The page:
Mental Health Awareness Week

With the week thats in it I have decided to share my views on mental health awareness and my personal experiences with the issue.

I cant remember what age I was when I first started thinking that I might not be the same as everyone else, but it has mulling away in the back of my mind for a very long time. When I was a child I felt I was more mature than the other kids my age, but also more angry, more confused, more defiant. I was sent to counsellors who didn’t understand me by teachers who didn’t know what to do with me and so the cycle continued until I was 15 and I learned to suppress my innermost feelings. And I was not alone. Statistics show that 70% of children who experience mental health problems have not had any appropriate intervention at a sufficiently early age. It wasn’t until recently, at the age of 21, when I started to write all my thoughts down each night that I felt some sort of relief. My head was always so full of anxiety, fear, anger and a constant impeding doom of helplessness. I felt like I was 10 stone lighter after emptying my thoughts out on to the pages. I was able to confide in my diary in a way I could never confide in an actual person, without the worry of judgment or misunderstanding. I have never spoken about what goes on inside my mind to anyone, and no one I know has ever spoken about their mental health to me. It is estimated that 1 in 4 people in Ireland will experience a mental health problem in any given year. So why is there still a stigma attached to people who admit that they are experiencing such common issues? In our modern day society where it is deemed acceptable to get ossified from alcohol and strip naked on reality tv shows and have Swarovski crystals glued on to your not-so-private private-parts, it is time that this phenomenon of sufferer-shaming is wiped out once and for all. When something insignificant annoys you, like your hairdresser cutting 4 inches off your hair instead of the trim you actually wanted, nothing makes you feel better than venting about it to a friend. So imagine how isolating it is for people dealing with something as serious as a mental health issue, feeling like they cant get that same “weight off their shoulders” sensation because they’re too used to bottling everything up inside for fear of humiliation and rejection? The changes that need to be made in order to cease this widespread attack on the voices of people with mental illnesses are vast, but everyone has a part to play and together we can change the fact that most people suffer in silence. It’s the blasé bully making casual jibes that someone is “mental” or “unstable” when they admit that they aren’t coping so well. It’s the little things we have let seep into society and now view as acceptable, like the social media monsters who label girls as “crazy.” No explanation required just simply, yes your a girl, your nuts. Sounds absurd, right? I logged on to Facebook just today and was confronted with a meme which quickly informed me that “If a girl is cute, smart and single you know she’s a psycho”. These nonchalant japes at mental illness may seem insignificant, some of the perpetrators may not even realise the negative effect they are having on the fight against mental health taboos, but it all adds up. It contributed towards my decision to not discuss my mental health with anyone, and I am certain I am not the only one. As of yet, I still have not sought any professional advice about my mental health, partly because I wouldn’t know where to go or who to talk to. I have tried googling what I feel and I have been faced with different results telling me I am either depressed, bipolar or suffering from an anxiety disorder. Not helpful, whatsoever. But hey, at least my laptop wont judge me, right? Well I for one am sick of pretending I’m ok if I’m not, hiding how I feel on the inside so people on the outside don’t label me and put me in an isolated box. I’m choosing to be brave and if I can do it, anyone can. Sometimes I feel like I am in control, sometimes I don’t, and thats ok. One of the entries in my diary reads;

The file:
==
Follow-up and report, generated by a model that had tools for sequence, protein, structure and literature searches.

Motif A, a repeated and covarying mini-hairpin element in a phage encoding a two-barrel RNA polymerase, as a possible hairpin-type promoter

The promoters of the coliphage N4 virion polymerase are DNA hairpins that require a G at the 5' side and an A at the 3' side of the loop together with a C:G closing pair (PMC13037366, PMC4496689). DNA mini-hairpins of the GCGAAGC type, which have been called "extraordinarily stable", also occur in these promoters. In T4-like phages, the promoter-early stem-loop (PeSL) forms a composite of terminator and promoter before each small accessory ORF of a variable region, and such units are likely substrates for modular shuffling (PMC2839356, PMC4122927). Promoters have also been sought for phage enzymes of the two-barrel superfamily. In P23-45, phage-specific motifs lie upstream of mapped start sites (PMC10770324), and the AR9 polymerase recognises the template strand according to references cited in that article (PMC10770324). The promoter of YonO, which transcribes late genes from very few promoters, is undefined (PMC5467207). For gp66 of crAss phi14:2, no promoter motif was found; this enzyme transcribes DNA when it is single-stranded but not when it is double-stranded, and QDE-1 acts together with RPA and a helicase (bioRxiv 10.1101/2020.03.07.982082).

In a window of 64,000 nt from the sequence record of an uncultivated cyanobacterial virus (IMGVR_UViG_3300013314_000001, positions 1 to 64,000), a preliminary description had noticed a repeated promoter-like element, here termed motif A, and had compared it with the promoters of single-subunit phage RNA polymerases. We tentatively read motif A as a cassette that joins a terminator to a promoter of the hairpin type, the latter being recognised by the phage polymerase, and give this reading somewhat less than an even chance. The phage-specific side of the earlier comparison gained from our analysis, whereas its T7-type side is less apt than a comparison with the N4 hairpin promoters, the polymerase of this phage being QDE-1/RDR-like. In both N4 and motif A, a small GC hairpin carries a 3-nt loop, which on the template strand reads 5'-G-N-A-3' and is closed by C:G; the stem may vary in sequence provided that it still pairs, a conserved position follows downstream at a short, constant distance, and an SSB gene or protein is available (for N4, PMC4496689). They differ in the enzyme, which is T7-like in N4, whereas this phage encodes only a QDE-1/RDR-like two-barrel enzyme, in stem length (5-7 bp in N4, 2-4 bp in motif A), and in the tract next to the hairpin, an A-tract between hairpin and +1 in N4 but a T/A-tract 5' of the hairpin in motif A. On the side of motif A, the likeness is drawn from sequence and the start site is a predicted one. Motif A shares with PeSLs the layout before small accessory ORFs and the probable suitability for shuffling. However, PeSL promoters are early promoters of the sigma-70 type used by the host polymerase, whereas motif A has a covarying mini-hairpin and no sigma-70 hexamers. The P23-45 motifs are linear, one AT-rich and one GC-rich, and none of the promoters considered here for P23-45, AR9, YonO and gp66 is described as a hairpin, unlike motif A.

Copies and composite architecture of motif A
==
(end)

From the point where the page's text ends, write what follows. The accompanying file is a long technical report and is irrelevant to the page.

“I wonder do other people feel this way, even on my own I feel led astray.”

Of course they do, and when someone is struggling they shouldn’t have to think twice about reaching out for help. Too many things in life are difficult, lets stop allowing being who you are and looking after your mental health to be two of them.


8 thoughts on “Mental Health Awareness Week

  1. Littlebylaura says:

    Love this post Aoife, well done for speaking out I know it’s not easy and I also hate those stupid Facebook meme 🙉


  2. audreykbrady says:

    Thank you for sharing you are extremely intelligent and Articulate You are right itis perfectly ok not to feel great all the time i know i often feel like that 🌗🌞


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